top of page

10 Reasons Why Professional Development is Absolutely Necessary for Every Type of Music Teacher

Updated: Jul 4

Teachers cramped in a classroom pd workshop
Is the old format for PD still effective?

"If You're Not Growing, You're Dying" One of my Favorite Music Teachers Used To Say That...

Unlike many types of teachers and professional instructors out there, music teachers can be found in a variety of settings.  Certified school teachers, studio music teachers and freelancers make up the vast majority of music instructional professionals out there.  The curious part is that only one type of music teacher that is teaching young musicians is mandated to attend professional development- those that maintain a certification, usually just those that teach in schools.  

The truth is that private teachers don’t have to be certified to teach children, and may never have had to be, which means that the supervisor can choose to hire a teacher without even a Bachelor’s degree, which leaves the teacher without formal training in instructional methods, without the professional responsibility of protecting students from abusive situations and the training to help them identify that, experience via student teaching, and the responsibility of maintaining that certificate through professional development, before we even look at the higher standards of collegiate training of musical disciplines like theory, history, musicianship and higher performance ability levels!

Music teachers playing musical instruments together
Never too old to be learning more music together!

The Big Issues With Ignoring Professional Development as Music Teachers, In School or the Studio

It’s these features that make even those with a Bachelor’s degree in music stand out as being more quality teachers.  But even then, time has been changing the profession at an alarming rate and music professionals that graduated a decade or longer ago are already behind in the latest of educational methods and trends, especially those that include mental health for minors.  And let’s face it, music teachers may have the same students for several years in a row, building trust and strong rapport with them as being the next most trustworthy adult next to family.  Are today’s teachers and private teachers equipped with what is needed to nurture these relationships, as well as possessing the best instructional practices for the post-COVID education world?  

It is a little frightening to think about.  But there is one aspect that is the solution: professional development.  The private sector does not have to mandate it, but any private teacher should want to continue learning their craft in order to perfect it as closely as possible, which is why certified teachers are mandated to complete so many hours in a period of time (variable by state).  

The main reasons to adopt this mindset, to put it simply, are:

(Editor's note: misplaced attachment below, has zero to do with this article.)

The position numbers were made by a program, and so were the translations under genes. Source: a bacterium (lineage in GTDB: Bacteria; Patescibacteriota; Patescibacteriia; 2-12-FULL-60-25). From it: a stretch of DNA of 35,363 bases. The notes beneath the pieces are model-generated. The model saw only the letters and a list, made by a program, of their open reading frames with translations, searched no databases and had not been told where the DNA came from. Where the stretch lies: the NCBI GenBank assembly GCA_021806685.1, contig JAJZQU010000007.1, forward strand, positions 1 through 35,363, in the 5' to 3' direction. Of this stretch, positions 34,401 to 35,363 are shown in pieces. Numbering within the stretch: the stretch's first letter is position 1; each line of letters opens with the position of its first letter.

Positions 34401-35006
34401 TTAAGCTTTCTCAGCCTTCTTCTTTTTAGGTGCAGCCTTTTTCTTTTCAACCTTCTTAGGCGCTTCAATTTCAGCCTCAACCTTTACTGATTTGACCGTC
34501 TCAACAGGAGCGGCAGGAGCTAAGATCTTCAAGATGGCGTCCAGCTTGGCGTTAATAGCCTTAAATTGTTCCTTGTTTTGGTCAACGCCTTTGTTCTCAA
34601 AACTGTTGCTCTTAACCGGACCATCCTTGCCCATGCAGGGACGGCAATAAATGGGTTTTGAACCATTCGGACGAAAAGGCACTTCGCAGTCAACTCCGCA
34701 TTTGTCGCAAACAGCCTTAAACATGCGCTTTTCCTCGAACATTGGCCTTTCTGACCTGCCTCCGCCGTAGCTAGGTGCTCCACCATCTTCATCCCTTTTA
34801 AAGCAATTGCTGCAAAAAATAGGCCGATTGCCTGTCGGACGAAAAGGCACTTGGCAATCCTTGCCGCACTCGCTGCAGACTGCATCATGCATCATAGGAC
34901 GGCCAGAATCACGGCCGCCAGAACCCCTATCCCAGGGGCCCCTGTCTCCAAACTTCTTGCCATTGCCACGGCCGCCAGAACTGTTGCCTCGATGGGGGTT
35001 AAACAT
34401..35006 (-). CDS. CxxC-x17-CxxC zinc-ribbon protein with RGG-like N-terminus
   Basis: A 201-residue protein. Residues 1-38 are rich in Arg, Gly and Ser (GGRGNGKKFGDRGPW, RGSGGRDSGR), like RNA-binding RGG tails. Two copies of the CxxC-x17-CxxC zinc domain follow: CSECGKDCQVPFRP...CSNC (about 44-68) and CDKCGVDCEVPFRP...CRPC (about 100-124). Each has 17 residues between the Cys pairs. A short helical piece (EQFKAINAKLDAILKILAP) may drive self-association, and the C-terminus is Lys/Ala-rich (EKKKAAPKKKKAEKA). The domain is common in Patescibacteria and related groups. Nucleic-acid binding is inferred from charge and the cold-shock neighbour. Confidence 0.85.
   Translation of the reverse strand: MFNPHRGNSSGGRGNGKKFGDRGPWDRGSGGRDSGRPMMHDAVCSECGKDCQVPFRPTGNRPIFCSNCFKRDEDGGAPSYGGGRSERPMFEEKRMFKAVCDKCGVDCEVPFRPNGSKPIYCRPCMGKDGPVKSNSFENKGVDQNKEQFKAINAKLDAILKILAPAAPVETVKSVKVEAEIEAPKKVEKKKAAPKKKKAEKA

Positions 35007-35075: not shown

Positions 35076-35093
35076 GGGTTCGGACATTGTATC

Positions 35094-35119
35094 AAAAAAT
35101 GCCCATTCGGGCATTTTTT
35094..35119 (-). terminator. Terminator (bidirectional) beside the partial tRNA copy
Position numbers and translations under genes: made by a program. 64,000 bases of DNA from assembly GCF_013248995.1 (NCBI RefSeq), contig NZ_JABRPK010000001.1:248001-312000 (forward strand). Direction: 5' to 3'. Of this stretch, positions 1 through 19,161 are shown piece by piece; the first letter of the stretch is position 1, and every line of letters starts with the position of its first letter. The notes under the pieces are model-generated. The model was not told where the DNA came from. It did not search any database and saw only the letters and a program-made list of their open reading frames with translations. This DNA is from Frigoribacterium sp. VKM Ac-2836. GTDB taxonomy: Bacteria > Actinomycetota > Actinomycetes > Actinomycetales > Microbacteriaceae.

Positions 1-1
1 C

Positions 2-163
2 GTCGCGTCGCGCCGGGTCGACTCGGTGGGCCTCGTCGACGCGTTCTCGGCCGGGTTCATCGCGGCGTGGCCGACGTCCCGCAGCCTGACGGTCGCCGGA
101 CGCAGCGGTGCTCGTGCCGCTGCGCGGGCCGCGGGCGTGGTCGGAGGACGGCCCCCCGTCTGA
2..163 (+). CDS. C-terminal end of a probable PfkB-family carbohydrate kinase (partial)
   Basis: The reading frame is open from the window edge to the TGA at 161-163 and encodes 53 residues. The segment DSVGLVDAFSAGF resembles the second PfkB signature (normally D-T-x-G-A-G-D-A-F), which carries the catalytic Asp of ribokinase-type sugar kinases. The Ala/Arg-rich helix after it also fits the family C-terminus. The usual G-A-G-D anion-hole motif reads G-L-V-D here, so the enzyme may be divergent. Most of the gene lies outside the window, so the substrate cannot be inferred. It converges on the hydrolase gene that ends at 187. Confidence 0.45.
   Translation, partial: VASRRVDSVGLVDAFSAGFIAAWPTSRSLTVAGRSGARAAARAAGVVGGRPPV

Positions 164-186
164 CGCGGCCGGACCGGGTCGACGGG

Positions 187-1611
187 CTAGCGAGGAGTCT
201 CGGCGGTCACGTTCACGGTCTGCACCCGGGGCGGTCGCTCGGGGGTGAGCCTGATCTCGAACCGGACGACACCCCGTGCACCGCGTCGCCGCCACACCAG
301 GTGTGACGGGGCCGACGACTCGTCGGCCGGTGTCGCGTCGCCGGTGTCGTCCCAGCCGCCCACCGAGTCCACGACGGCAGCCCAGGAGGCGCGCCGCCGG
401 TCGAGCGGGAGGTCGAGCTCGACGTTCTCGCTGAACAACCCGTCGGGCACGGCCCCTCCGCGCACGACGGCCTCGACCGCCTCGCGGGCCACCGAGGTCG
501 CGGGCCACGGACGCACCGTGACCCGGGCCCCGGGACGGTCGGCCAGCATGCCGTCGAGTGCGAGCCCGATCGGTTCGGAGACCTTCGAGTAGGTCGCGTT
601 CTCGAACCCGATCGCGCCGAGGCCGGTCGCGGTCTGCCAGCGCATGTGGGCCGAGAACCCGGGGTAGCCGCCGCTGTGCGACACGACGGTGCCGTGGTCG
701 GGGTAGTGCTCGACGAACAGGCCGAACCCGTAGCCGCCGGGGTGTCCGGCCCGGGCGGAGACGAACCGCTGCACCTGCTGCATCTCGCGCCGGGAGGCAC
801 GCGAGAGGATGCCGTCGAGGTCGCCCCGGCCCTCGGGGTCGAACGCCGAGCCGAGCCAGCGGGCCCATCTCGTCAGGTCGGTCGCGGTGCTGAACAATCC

1. Stay current with the practices that today’s new teachers leaving college are being equipped with

  2. To learn about new music standards as they are revised

  3. To stay current with mental health education as it becomes available, since it is so widely researched now, compared to even a decade or two ago

  4. To gain additional skills in order to be more marketable and simply know more to teach your students

  5. Be able to keep up with educational technology in music as it continues to evolve

  6. It’s a tax write-off for the self-employed

  7. To increase retention of your students, since you have more to give

  8. Because you can be a “traditional” instructor while still being relevant to today’s educational needs

  9. That teachers that become stagnant in their instructional methods show it in their personality, which rubs off on students’ opinions of you

  10. Because knowledge is confidence, and confidence is trust.  Students that trust you respect you enough to practice and have better lesson attendance.

The discussion and list could likely go on, probably as a ripple effect of the above-stated reasons.  But then another problem could arise- where to find suitable professional development for music teachers that is relevant to their needs?

Conferences are really great, but almost always require travel and perhaps time off from what you love to do.  For private teachers, that is quite often loss of income on top of the expenses to attend.  And for those that work with people day in and day out, and just need some quiet time to attend to their needs, a noisy, bustling workshop or convention just may not sound appealing at all.  

A laptop with music software next to an apple
The Future of Music Ed PD

Solutions for Today's Professional Development for Music Teachers

 As instruction of all types moves online, even asynchronously, music teachers would benefit form a platform that gives them this opportunity.  Teachers want to save money, stay in the comfort of their own home and would want to complete any training, mandatory or not, on their own time.  

Uplevel U: Music is exactly that place.  With the ability to issue personalized certificates of completion, private moderated groups for all participants in the course, and on-demand course selection at any time, it’s a dream come true for music teachers.  Over time, the course selection lists will grow to hopefully fit every instructional need for every type of music teacher.  Visit Uplevel U: Music to check your next home for professional growth in music education.

Logos for Music Room and Uplevel U Music with quotes from recent publications


bottom of page